You know 'em, you make 'em, you might even ignore 'em. They are to–do lists, and nearly every parent has them. Whether you're a detail–oriented parent who employs NASA–like technology to systematize, prioritize, and synchronize every second of your family life, or a fly–by–the–seat–of–your–pants type who has developed your own hieroglyphics that you scribble on napkins, you likely use these lists to keep track of the who, what, and when of your days.
Interestingly, I've discovered another list that is just as essential to the life of my family. It's the to–don't list.
Over the years, I've created this inventory of missteps to avoid at all costs. I think of it as my insurance policy against colossal parenting faux pas (or is it pases?). Actually, most parents have a version of this list. It's often made up of vows to be different from our own parents ("I will never criticize my kids' music!"), or our pre–kid idea of what parenting will be like ("I will not yell at my children in public—ever!"). (Notice we are always very emphatic about these pronouncements.) But I'm not just talking about a list of the ways we don't want to parent. Really, the best to–don't lists aren't about us at all. They are about our kids and what they truly need from us, things like love, compassion, and attention.
If you haven't developed a to–don't list, there's no time like the present. In case you're struggling with where to begin, I'd like to share a few to–don'ts that have wiggled their way onto my list. So grab the nearest napkin and start scribbling!
Don't expect perfection
Jesus knew there is a crucial difference between perfection and excellence. Perfection entails mistake–free living. With young children this means there's no room for spilt milk, untied shoes, messy beds, or unkempt hair. With teenagers, it means no loud music, goofy haircuts, talking back, or slipped cuss words. The real kicker is that I, as the parent, can't live up to these standards yet I'm tempted to require them of my children.
Excellence, on the other hand, should be championed. Lofty, realistic standards, in an atmosphere of love and grace, inspire children. When we expect good things from our children, they will likely live up to those expectations—most of the time.
What you can do: For one, intentionally reward the pursuit of excellence. When excellence is achieved, pick up your pom–poms and shout. But cheer just as loudly when children run after excellence. For instance, when I was a kid, school always seemed like an uphill battle. Speech, writing, reading…you name it, I struggled. But one particular writing assignment stirred me to temporarily shed my loser self–image and give it all I had. My parents noticed and cheered me on during the process. The result was a decent grade, but more importantly, a growing confidence. I started believing I wasn't dumb after all. Years later, I graduated from college with honors—no small feat for a kid who couldn't read in third grade.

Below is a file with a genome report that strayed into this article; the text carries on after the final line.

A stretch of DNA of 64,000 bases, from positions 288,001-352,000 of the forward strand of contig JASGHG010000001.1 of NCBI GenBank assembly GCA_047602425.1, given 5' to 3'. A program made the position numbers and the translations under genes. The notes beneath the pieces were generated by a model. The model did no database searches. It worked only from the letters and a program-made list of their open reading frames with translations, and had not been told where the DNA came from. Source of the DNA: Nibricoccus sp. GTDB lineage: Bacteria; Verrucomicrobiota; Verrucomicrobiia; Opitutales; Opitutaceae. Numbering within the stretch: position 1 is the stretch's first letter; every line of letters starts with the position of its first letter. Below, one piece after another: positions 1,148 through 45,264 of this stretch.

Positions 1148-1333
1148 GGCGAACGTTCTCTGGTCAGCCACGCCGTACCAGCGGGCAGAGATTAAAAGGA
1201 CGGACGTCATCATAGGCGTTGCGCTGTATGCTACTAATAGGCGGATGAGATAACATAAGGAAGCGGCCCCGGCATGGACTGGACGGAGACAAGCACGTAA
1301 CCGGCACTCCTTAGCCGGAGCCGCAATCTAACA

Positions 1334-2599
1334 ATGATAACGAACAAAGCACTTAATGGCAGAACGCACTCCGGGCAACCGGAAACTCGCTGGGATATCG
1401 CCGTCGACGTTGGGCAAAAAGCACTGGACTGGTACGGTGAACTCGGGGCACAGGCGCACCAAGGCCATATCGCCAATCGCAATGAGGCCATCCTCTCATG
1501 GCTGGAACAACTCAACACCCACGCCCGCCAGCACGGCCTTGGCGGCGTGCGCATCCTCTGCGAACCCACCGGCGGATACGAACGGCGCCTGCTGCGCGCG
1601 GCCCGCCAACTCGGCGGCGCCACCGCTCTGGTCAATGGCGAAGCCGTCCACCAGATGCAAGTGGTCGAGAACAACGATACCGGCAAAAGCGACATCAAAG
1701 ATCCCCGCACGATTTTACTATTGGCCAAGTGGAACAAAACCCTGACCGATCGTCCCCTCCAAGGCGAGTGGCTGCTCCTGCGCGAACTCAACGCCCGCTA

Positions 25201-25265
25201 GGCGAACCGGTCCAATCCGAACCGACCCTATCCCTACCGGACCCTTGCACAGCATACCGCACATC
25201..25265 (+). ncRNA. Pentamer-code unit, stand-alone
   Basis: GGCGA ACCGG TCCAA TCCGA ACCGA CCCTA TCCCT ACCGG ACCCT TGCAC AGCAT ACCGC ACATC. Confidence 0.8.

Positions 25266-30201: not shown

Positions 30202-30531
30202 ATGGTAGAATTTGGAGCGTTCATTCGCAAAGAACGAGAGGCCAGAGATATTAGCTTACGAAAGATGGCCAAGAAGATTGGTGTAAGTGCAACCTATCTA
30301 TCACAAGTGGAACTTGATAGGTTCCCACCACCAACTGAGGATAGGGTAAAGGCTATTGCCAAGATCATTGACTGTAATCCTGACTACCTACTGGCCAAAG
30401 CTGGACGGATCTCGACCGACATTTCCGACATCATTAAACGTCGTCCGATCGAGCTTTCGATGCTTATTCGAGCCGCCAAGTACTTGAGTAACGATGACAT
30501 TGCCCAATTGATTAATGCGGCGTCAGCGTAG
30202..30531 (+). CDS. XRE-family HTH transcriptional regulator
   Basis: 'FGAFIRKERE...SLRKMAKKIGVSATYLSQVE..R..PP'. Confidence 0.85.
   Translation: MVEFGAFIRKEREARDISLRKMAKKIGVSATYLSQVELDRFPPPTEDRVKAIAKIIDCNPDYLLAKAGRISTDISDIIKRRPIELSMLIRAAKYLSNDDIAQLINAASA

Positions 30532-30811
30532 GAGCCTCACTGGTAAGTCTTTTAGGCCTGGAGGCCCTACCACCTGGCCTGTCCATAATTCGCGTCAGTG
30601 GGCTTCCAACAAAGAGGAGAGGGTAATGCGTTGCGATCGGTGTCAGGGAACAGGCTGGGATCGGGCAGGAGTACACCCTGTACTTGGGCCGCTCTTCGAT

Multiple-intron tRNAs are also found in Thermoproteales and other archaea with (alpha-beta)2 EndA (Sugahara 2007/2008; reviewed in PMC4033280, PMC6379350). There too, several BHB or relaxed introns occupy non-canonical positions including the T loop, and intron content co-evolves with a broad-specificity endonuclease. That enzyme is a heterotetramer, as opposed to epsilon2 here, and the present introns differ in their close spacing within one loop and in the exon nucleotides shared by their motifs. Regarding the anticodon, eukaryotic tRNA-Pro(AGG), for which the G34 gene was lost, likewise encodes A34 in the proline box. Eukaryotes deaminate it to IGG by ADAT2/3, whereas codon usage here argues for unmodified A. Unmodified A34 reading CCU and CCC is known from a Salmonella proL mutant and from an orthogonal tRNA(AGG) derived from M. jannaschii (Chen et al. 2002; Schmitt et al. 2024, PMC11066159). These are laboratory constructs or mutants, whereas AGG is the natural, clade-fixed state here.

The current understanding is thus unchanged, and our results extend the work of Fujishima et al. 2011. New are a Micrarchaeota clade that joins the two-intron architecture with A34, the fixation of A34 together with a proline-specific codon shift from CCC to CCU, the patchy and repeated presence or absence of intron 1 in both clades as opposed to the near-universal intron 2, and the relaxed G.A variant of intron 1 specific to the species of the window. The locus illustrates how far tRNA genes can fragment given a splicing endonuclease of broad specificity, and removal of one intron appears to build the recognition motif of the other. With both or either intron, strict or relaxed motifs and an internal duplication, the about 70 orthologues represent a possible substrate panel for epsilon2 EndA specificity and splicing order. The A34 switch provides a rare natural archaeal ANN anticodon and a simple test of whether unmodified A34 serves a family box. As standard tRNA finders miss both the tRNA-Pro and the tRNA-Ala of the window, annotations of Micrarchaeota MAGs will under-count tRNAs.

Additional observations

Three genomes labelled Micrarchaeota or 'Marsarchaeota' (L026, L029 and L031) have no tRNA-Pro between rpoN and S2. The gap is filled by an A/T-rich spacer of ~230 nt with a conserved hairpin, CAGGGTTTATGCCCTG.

Another way to combat perfectionistic tendencies is to resist creating perfect little worlds for children. We all know many of life's best lessons are learned through bumps and bruises. I know that's been the case for me. While it's in parents' DNA to protect children, building idealistic biospheres is probably a bit over–the–top. That doesn't mean we stop parenting and let them make terrible mistakes in the name of a lesson learned. Instead, it means letting go of our desire to make all their decisions for them and allowing them gradually (and I mean gradually) to take more responsibility for their choices.
Don't trade quantity time for the myth of quality time
I love this passage in John: "After this, Jesus and his disciples went out into the Judean countryside, where he spent some time with them, and baptized." The Greek term for "spent some time" literally means "to rub through the skin." The message? Jesus spent extra time with his followers in order to get into their lives.
Because I'm in youth ministry, parents often ask me, "How can we spend more time with our kids? With working 55+ hours a week, being captain of the neighborhood tennis team, teaching at church, and keeping the house in order, there isn't much quantity left." This is the point where many slip into what I call the myth of quality time. "Sure, I haven't connected with my kids lately, but on Saturday we're spending quality time together."
Have you ever stopped to consider the absurdity of the quality time argument? Quality isn't something that can be planned or willed into existence. It is a natural phenomenon that pops up (often by surprise) in the midst of large amounts of time spent with another person. No matter how extravagant our plans, we can't force children to see them as times of "quality."
What you can do: Concentrate on quantity time; then seize quality opportunities that naturally arise. This isn't rocket science. Consider these examples:
- While shooting hoops, Mark's preteen son asks about girls and suddenly… quality time.
- In the midst of a shopping break at Starbucks, Connie's high–school daughter asks her opinion on a career path…quality time.
- While undercooking yet another cake in the Easy Bake Oven, Kathy's 6–year–old asks if Jesus would want them to bake a cake for a sick friend…quality time.
- During family devotions, Christopher asks a question that leads to an in–depth discussion about an attribute of God…quality time.
These real scenarios demonstrate how quality time tiptoes in during quantity time. The simple truth is that teachable moments often present themselves in the midst of the mundane.
Of course creating quantity time means actually having time. For some odd reason, we've bought into the propaganda that kids must have a complete resúmé; of experiences by the time they reach age 12. I've met sixth graders who are bored with our youth ministry simply because they've seen and done more than I did through my mid–20s. Simplicity and stability do more for a child's budding character than all the karate lessons in the world.
Don't let children consume your life